Welcome to RPI, Class of 2018! Certainly you’ve already heard of terms like “Ratio-Induced Bitch Syndrome.” Certainly you’ve already heard a guy complain about the lack of girls. I want to address our gender issues now and implore you to think about how you act and what you say. This is a tough subject, and one I’ve been scared to touch before, but I think it’s important.
I don’t like the term RIBS. Maybe some girls act stuck-up as a result of all the extra male attention, but I haven’t met any. I describe it more as receiving overwhelming and often unwanted attention, as do my friends. Personally, I was more interested in academics as an underclassman than relationships. There are dozens of reasons for someone to not be interested in dating a particular person. Honestly, I think you should go for the best you can get. The best for one person isn’t the same as the best for another person, though. No one deserves to be in a relationship with someone they’re not attracted to or incompatible with, no matter how “unattractive,” “unpopular,” or “weird,” that person is.
Why does RPI have so few women? In short, it’s because there are fewer women interested in science, technology, engineering, and Math fields, which is a result of gender stereotypes about the type of work people can do. I suppose I count as one of those not in a STEM field, though what I plan to do is a mixture of science, technology, social science, and humanities. We all know the underlying reason behind why there are so few women at RPI, yet I don’t hear many people talking about it. Little girls are raised to think that STEM fields are “boy” fields and boring, instead of being interesting subjects with great possible careers. On the flip side, there are certain majors and careers that boys are discouraged from pursuing. These include artsy-type fields; we see this even here at RPI, whereas the School of Architecture has roughly the opposite ratio from the rest of RPI. I’ve met many students at liberal arts schools; most of them talk about a gender ratio of around 60 to 40 female to male.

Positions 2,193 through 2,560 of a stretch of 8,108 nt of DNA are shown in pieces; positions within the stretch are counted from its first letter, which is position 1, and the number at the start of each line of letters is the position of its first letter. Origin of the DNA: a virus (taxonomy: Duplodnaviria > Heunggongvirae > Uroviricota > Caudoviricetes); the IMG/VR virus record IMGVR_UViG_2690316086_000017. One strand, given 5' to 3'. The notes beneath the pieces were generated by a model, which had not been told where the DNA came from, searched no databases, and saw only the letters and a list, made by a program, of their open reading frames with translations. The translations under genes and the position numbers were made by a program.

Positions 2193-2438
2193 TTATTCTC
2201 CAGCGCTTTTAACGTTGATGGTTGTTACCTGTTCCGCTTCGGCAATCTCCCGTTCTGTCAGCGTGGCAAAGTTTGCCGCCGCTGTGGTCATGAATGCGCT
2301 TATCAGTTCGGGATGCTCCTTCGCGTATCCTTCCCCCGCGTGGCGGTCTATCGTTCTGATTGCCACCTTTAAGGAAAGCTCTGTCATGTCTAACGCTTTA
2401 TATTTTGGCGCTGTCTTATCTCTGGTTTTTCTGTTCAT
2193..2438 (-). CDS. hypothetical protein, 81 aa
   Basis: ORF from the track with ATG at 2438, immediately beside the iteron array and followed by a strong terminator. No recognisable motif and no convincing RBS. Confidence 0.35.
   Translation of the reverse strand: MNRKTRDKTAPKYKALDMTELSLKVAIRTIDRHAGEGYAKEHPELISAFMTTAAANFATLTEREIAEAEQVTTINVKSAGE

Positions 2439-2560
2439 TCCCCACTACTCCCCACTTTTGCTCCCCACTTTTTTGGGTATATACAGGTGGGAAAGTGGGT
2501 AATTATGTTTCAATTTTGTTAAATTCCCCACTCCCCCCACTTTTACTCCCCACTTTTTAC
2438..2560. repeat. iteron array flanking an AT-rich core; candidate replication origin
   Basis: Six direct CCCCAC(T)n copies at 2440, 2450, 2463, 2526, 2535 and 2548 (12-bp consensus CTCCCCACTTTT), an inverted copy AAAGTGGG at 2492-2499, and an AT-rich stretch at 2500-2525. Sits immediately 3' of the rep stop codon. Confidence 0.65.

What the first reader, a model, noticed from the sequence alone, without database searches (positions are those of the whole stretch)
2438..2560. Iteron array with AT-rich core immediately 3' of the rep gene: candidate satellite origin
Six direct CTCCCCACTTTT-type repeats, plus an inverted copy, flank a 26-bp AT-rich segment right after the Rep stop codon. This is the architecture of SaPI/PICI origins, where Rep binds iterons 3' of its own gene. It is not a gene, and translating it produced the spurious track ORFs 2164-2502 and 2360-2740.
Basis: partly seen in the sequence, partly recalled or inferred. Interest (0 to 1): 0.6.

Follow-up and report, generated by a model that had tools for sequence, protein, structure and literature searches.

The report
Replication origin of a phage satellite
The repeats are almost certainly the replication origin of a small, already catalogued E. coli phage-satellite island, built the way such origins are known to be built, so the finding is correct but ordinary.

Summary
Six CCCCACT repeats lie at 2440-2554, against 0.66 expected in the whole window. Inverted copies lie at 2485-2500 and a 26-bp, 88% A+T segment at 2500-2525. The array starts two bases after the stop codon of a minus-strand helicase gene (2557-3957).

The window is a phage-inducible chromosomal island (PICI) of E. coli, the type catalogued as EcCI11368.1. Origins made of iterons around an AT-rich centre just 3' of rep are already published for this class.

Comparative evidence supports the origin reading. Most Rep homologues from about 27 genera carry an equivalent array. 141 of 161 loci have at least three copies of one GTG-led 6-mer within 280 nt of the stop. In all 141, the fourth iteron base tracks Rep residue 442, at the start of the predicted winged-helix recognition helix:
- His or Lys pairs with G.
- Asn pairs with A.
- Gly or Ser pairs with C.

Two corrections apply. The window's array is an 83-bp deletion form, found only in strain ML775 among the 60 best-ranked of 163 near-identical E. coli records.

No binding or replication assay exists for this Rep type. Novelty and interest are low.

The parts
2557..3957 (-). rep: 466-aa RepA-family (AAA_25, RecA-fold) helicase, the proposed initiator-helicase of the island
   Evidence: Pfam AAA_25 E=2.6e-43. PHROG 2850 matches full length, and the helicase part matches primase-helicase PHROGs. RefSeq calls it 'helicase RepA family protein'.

Sometimes, I wonder if the gender relations at RPI and at other engineering colleges contribute to this culture. I didn’t know about RPI’s gender ratio when I chose RPI, and, while I think it has made me a stronger person in many ways and I don’t regret choosing RPI, I’m not sure if I would have made the same choice if I had known about the ratio. I think if you were a high school student figuring out your career path and you heard that certain paths would likely lead to you working in a very male-dominated career, you might think twice about entering that career field.
I identify as gender-queer, which adds another layer to how people see me and I see the world. I prefer to dress in t-shirts and shorts most of the time. I don’t wear make-up or nail polish or style my hair. I dress nicely for interviews and presentations, as society dictates, but my everyday style is very masculine. Some people take me less seriously; I’ve noticed this a little with professors. Some men are less interested in me than in women who dress and act more feminine as romantic possibilities.
Now that you’ve read my article on this very controversial topic, I want you to stop worrying about RPI’s ratio and how it affects your dating opportunities. Start worrying about how we can make all careers and majors interesting to people, regardless of gender. We’ve got a lot of work to do to fix our world, and we can’t do that by telling people they can’t be something. Stop looking down on women who are not feminine, and start thinking about celebrating a more diverse world where everyone is not compartmentalized based on what chromosomes they have. Kill RIBS.